Milk, meat and mow (with buffalo) is the goal of this innovative Nebraska ranch
by Allan Nation
ATKINSON, Nebraska: Jerry and Kathleen Gotskhall have looked at dairying from both sides now.
In 1995, they had the highest producing Jersey herd in the state and milked three times a day in confinement.
Today, they milk only once a day, pasture their cows with no grain, are seasonal and Certified Organic.
“I’d quit dairying before I would go back (to confinement dairying),” Jerry said.
“I’ve seen the other side now and it is right. Everything is healthy. There is no cancer, footrot, milk fever or flies.
“Confinement dairying is a lifetime sentence of hauling feed and manure.”
Kathleen Gotskhall agreed and said, “A high milk production dairy is like getting in front of a freight train and trying to outrun it. We decided to just get off the track.”
Jerry said when he turned 50 he switched to once-a-day milking.
“Our whole emphasis has been on taking the labor needs out of our dairy.”
He said the secret to going to once-a-day milking with Jerseys is to stop feeding grain and never milk them twice a day again.
“Once they know you aren’t going to milk them, they shift from making milk to putting fat on their back.”
He said his cows average 30 to 50 pounds of milk per day.
The Gotskhall’s currently have 180 dairy animals in total. Their breeding is Jersey/Shorthorn and Jersey/Tarentaise.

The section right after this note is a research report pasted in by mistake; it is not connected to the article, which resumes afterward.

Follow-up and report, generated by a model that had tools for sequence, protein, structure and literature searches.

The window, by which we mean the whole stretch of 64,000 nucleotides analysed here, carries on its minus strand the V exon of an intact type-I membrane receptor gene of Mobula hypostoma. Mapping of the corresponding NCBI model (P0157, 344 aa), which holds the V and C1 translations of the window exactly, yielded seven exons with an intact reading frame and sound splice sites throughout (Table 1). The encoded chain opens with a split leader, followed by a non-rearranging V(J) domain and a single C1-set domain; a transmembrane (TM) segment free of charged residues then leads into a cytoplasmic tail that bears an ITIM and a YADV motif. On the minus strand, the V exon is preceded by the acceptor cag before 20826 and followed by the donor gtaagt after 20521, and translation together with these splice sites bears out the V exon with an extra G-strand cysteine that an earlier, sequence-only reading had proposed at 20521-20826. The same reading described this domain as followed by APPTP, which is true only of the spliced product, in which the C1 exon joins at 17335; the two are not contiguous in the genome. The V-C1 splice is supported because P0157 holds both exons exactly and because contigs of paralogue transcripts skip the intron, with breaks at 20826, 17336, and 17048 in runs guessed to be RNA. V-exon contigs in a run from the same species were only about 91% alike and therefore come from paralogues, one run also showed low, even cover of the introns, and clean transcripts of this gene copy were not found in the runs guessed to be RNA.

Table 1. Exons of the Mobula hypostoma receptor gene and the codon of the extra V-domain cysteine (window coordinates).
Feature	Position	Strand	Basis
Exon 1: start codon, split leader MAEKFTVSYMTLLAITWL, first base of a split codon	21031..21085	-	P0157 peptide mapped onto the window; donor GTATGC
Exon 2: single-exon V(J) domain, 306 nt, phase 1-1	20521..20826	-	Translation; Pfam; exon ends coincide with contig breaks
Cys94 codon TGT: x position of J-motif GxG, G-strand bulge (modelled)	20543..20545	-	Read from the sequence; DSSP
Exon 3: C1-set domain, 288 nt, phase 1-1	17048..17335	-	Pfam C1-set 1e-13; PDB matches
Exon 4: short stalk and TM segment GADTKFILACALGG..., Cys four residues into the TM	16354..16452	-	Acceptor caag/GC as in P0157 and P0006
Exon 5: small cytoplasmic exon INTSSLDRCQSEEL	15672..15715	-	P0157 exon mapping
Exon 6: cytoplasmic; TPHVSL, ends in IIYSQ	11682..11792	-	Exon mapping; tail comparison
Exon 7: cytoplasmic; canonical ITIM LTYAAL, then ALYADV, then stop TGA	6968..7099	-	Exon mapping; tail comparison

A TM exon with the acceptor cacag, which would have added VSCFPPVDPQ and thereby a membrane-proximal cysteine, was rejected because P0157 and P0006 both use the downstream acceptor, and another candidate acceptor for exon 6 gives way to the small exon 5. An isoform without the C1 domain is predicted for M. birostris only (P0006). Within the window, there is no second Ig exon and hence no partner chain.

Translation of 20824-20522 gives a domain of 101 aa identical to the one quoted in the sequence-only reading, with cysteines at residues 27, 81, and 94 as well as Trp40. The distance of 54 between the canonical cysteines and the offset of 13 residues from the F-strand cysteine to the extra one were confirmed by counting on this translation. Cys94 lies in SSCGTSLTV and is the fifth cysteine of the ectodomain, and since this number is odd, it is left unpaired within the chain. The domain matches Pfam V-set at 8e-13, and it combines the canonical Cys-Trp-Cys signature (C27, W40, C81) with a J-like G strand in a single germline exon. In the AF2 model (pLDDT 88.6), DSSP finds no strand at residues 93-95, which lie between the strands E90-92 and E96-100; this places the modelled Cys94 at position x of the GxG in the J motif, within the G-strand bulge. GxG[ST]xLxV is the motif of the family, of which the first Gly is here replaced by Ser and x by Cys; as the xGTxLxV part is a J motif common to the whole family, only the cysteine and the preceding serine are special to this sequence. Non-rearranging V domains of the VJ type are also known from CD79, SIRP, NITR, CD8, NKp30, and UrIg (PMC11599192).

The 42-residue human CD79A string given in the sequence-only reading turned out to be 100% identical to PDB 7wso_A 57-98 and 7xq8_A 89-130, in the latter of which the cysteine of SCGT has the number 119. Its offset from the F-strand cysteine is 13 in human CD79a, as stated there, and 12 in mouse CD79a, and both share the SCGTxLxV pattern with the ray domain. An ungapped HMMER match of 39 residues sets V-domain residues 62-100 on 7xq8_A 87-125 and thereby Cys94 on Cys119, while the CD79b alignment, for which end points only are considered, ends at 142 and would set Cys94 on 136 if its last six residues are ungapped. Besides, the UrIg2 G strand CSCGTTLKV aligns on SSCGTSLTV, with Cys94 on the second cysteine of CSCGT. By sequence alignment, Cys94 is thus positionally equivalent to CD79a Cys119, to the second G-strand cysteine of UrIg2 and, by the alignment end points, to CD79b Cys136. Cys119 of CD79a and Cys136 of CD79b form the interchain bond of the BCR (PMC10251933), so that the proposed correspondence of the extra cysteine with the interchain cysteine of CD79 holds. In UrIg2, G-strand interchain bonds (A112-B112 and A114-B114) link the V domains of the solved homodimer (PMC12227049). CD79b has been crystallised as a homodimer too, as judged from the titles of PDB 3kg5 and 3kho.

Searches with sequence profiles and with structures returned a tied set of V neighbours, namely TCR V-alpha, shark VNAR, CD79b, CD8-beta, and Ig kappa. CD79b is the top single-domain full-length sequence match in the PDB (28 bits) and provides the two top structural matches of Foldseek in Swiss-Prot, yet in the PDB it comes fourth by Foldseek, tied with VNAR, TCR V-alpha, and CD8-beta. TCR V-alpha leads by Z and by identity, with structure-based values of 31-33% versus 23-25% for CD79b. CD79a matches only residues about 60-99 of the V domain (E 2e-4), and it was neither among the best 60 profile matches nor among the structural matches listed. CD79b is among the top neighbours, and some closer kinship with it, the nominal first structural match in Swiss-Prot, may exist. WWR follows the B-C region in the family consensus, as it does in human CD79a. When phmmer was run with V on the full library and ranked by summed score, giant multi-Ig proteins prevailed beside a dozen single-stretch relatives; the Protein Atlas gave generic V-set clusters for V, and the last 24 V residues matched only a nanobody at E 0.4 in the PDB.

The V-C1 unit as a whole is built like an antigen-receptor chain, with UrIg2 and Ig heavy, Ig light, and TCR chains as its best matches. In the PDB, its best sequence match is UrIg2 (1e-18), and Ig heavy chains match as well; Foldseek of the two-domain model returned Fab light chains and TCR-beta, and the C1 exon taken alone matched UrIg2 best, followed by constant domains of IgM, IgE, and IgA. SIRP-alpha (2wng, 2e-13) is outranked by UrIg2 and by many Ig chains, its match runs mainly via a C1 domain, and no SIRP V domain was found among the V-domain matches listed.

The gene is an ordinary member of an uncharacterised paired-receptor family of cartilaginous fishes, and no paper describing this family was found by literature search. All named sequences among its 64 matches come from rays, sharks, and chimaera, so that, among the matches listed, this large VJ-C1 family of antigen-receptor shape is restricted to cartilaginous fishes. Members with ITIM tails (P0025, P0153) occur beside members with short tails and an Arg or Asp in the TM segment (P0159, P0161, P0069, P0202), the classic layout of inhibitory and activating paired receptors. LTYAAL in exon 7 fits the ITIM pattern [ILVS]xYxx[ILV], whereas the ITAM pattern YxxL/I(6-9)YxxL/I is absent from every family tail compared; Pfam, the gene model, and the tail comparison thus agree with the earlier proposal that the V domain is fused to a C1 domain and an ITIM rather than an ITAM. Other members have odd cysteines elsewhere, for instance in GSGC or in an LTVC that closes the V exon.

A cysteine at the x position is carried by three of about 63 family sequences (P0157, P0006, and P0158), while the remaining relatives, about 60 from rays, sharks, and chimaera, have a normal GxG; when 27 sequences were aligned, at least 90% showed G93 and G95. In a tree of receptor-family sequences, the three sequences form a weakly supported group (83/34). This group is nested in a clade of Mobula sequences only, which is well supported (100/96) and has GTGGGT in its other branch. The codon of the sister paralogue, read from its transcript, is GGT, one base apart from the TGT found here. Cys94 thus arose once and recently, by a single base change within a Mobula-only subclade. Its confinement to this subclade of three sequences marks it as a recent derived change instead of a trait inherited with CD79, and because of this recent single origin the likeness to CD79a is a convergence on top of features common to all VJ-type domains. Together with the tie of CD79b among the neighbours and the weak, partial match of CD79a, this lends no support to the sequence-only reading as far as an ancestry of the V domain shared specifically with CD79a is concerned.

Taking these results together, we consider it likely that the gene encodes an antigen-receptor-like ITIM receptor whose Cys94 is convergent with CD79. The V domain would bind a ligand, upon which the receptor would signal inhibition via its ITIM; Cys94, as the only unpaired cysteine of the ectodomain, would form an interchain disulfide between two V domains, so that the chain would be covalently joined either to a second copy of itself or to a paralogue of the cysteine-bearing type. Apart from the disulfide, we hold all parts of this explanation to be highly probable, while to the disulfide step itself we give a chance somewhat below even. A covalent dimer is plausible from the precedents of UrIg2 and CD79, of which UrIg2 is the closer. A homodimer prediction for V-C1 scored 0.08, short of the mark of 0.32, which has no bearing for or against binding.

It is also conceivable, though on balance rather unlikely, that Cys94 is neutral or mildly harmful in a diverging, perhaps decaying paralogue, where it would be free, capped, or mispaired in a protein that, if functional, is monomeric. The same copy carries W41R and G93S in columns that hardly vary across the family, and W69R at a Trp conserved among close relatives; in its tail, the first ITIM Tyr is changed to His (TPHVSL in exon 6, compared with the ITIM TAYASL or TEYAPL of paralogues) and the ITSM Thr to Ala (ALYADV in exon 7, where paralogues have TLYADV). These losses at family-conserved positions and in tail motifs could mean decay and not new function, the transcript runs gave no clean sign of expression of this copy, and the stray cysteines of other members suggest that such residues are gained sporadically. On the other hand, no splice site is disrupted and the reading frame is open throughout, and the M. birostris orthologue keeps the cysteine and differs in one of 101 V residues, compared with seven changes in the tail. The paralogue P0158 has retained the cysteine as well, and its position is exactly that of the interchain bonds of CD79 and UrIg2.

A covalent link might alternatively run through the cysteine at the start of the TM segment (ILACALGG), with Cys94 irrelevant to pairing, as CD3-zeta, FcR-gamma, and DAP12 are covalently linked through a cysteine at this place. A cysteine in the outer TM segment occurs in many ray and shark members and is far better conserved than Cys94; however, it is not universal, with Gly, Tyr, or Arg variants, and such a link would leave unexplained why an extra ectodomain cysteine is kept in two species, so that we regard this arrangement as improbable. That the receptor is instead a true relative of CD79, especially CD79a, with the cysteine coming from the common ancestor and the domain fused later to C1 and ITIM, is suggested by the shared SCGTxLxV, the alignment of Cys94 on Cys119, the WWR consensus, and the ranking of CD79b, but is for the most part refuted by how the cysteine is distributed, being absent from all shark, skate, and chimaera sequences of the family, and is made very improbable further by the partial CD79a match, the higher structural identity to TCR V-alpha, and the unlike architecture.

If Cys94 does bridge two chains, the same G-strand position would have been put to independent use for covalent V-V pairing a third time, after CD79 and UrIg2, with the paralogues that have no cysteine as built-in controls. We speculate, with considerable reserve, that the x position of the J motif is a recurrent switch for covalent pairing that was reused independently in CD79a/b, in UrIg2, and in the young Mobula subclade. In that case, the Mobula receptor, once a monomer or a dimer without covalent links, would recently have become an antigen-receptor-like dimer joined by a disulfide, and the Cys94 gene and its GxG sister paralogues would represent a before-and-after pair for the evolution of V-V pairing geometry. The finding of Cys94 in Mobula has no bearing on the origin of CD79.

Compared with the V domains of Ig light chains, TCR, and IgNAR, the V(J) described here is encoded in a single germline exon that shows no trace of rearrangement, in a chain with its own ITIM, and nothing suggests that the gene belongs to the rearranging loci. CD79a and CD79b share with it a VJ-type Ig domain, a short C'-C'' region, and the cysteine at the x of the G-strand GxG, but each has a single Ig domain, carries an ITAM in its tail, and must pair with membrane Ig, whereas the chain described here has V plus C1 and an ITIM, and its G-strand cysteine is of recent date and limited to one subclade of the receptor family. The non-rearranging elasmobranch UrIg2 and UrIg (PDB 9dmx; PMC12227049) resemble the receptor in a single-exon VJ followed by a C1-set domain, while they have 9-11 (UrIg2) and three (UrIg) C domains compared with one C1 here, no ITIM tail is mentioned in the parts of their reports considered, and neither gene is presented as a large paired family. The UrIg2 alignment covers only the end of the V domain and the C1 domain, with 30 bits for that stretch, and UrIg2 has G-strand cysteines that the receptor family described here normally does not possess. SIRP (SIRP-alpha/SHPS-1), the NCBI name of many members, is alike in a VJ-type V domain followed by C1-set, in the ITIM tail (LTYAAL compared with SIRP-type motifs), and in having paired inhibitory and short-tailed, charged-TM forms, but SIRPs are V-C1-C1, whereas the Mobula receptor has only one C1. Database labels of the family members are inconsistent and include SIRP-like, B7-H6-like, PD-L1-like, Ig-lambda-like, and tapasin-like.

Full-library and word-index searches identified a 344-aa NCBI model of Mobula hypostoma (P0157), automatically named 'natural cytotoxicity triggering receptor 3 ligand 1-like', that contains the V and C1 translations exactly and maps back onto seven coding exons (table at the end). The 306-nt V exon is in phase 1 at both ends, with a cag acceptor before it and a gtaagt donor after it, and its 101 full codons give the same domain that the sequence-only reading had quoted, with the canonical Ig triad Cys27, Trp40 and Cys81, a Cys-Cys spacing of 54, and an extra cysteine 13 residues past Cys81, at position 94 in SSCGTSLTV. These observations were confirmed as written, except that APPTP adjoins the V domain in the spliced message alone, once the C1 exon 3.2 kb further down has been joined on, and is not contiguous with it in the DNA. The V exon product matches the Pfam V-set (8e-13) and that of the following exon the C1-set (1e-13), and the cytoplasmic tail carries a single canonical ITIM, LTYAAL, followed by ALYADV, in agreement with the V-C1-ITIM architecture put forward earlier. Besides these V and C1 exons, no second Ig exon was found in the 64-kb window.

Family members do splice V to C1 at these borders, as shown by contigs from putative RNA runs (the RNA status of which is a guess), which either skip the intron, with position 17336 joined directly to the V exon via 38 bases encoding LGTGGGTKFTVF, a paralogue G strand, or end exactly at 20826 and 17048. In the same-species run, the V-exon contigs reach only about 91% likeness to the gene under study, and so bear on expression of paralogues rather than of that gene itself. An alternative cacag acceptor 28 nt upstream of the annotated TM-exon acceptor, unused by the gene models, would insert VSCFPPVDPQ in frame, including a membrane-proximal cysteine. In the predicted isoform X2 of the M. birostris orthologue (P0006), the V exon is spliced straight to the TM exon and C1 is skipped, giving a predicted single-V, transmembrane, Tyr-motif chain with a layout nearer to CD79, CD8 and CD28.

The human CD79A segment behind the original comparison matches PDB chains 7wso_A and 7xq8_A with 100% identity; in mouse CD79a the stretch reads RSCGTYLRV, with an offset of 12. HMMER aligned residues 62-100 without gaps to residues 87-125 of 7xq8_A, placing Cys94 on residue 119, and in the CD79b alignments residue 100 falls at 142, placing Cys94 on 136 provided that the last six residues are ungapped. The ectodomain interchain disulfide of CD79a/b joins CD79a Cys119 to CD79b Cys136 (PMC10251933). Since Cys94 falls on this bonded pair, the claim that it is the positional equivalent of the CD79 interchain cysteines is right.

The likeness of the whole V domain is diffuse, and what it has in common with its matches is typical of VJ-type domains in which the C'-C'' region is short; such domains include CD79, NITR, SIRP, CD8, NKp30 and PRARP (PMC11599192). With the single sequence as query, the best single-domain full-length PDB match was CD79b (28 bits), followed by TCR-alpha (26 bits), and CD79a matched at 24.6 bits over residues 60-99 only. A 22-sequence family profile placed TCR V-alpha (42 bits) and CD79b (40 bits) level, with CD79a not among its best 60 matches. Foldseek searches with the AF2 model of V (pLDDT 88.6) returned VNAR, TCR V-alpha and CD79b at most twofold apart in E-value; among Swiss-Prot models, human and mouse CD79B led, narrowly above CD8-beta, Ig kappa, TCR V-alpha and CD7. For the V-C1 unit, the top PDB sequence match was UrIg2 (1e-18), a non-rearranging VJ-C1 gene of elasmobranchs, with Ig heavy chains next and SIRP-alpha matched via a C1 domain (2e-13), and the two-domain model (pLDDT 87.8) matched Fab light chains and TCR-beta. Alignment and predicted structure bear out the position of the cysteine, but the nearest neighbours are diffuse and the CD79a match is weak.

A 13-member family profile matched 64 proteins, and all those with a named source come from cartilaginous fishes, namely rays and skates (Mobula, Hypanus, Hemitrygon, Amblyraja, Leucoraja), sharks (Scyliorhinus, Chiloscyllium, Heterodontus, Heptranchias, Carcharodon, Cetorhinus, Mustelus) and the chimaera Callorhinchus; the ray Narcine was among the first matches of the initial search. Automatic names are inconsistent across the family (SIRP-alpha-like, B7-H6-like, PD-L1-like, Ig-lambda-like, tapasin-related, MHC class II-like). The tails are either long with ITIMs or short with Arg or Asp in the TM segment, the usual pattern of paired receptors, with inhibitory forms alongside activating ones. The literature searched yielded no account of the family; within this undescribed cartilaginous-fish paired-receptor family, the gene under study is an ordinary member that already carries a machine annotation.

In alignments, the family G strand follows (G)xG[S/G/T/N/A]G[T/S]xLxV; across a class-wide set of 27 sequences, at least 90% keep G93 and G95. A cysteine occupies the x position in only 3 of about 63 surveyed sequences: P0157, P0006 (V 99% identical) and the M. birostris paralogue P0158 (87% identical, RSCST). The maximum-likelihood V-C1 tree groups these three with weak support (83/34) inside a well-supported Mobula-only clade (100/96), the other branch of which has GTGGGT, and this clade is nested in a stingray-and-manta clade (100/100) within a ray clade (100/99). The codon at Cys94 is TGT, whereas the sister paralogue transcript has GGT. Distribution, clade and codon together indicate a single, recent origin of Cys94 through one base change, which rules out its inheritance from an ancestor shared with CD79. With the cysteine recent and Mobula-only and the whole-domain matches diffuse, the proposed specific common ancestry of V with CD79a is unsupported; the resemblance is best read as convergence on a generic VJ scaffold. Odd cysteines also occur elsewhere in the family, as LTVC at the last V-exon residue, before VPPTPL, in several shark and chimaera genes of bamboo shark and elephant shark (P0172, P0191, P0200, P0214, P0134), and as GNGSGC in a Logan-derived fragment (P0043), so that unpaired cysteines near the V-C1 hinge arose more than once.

In addition to milking, they sell dairy replacements to home milkers and other all-grass dairies.
“All of our replacements are Certified Organic so we are always looking for organic graziers needing replacements.”
Jerry said they have found the grassfed meat from the males of these dairy crosses to be exceptional and these Certified organic steer calves are also available.
MILK, MEAT AND MOW
The Gotskhalls’ use contract grazing to better utilize their 1300 acres of mostly sub-irrigated meadow.
In a typical year they will graze 800 to 900 yearling beeves and 400 head of buffalo cows for the green season.
The dairy cows, beeves and buffalo are managed in a leader-follower, rotational grazing program.
“We call it our milk, meat and mow program with the Buffalo cows being our mowing machine to maintain our pasture quality,” Jerry said.
The buffalo are grazed in partnership with a neighboring ranch. The Gotskhalls graze them during the green season and the neighbor grazes them in the winter on stockpiled warm-season native grasses.
He said the primary difference between grazing domesticated cattle and buffalo is that the buffalo do not like to be grazed at high stock densities.
“We typically use a stock density of 70 beeves per acre but have found the buffalo get really uncomfortable when crowded to over 20 cows per acre.”
(Stock density is the stocking rate per unit of land for a specific time period such as a day and not the overall stocking rate.)
As long as they are not crowded, Jerry said buffalo are easy to control graze with minimal electric fencing.
© by The Stockman Grass Farmer
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